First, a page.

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Successfulentrepreneurship 101111173533-phpapp01
 

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    Successfulentrepreneurship 101111173533-phpapp01 Successfulentrepreneurship 101111173533-phpapp01 Presentation Transcript

    • CreatingStart-UpSuccess 101AlexOsterwalder.com SteveBlank.com@business_design @sgblankContribution by Alan Smith @thinksmith
    • this presentation combines two global bestsellers +BusinessModelGeneration.com StevenBlank.com/books.html
    • So what makes for asuccessful start-up?
    • Start with a brilliantfounder like...
    • Mike, 34StanfordAlumnus
    • he used to be an...
    • ExperiencedExec
    • All his operatingexperience built upsome...
    • ...outstandingcredentials!
    • One day Mike has...
    • A “killer”product idea!
    • A “killer”product idea!he’s reallypassionate about it
    • Mike’s experienced.He knows how to test hisidea using...
    • ...marketresearch
    • The research looks good!Mike moves forward, andwrites a fantastic....
    • Great!Based on the credentials,research, and plan, Mike hassecured the final piece...
    • ...VC Funding!
    • Money in hand,Mike get’s started on
    • ...building his start-up.
    • He makes the headlinesof every major...
    • ... and is invited to give...
    • ...keynote talks
    • Mike and hisstart-up are on a roll!
    • How likely is hisbusiness tosucceed?
    • Despite the experience,research and plan...
    • ...Mikeslipped up.
    • Let’s help Mikewith 5 things he didn’t know. 29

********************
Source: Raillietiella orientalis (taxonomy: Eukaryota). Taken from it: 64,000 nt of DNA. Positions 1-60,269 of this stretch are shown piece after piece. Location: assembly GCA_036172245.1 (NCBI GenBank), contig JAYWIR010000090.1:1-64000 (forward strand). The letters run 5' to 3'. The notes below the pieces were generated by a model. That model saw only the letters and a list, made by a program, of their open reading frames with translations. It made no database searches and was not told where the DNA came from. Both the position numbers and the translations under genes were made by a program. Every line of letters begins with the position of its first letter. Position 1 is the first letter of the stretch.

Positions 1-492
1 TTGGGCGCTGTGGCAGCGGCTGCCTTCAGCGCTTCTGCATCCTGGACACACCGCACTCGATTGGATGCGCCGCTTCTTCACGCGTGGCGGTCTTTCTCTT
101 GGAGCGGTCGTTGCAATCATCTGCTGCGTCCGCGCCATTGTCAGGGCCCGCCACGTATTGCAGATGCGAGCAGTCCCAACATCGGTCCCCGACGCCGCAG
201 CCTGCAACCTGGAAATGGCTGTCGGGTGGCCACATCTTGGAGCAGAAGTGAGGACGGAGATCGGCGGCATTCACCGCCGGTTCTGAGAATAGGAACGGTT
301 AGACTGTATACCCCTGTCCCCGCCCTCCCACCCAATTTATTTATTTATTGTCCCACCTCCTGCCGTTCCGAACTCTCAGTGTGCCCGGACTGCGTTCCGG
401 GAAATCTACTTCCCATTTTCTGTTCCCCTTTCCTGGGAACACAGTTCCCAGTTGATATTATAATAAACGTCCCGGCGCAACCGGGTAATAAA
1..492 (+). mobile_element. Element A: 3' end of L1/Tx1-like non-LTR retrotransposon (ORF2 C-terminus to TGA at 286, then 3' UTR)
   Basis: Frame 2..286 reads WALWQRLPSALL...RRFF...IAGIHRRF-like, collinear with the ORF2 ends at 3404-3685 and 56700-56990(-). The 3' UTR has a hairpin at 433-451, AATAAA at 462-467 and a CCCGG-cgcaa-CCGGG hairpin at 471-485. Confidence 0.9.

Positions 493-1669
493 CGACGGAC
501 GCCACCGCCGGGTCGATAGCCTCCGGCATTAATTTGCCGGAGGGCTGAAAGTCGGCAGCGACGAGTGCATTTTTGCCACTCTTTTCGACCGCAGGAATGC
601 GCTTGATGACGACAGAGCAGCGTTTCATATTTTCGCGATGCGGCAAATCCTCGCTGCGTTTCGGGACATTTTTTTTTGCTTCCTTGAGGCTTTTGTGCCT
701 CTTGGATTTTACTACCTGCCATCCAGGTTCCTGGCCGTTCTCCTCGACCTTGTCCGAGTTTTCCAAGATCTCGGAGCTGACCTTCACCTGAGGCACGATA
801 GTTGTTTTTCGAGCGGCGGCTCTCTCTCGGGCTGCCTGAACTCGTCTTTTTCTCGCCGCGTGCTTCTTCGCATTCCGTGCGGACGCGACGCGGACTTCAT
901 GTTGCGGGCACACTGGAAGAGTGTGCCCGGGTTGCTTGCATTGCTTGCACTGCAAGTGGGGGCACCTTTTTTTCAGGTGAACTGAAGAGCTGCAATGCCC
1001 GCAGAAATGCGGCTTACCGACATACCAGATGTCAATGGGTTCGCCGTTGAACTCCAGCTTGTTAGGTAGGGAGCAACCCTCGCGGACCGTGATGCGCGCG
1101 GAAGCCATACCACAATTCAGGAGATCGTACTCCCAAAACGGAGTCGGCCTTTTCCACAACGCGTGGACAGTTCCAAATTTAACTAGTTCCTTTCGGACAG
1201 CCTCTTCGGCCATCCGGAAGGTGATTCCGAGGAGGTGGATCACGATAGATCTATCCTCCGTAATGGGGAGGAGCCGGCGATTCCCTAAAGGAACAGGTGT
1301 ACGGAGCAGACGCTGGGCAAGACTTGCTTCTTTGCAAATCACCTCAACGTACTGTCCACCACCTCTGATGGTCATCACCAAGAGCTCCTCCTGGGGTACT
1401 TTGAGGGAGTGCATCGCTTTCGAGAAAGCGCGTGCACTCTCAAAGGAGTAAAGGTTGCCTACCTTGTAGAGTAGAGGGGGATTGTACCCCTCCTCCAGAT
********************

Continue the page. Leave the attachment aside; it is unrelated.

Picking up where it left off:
• 1 No business plan survives the first customer contact.
    • Sticking to a planningdocument works for aknown future, not for astart-up context.Plan’s fail in start-ups.
    • 2 It’s the business model, stupid.
    • Hey Mike, your plan wasto build a company, butdid your plan include aBusiness Model?
    • “A business model describesthe rationale of how an organizationcreates, delivers, and captures value”
    • Here are the 9 building blocks ofa business model:
    • CUSTOMER SEGMENTSwhich customers and users are you serving?which jobs do they really want to get done? images by JAM
    • VALUE PROPOSITIONS what are you offering them? what is that getting done for them? do they care? images by JAM
    • CHANNELShow does each customer segment want to be reached? through which interaction points? images by JAM
    • CUSTOMER RELATIONSHIPSwhat relationships are you establishing with each segment? personal? automated? acquisitive? retentive? images by JAM
    • REVENUE STREAMS what are customers really willing to pay for? how?are you generating transactional or recurring revenues? images by JAM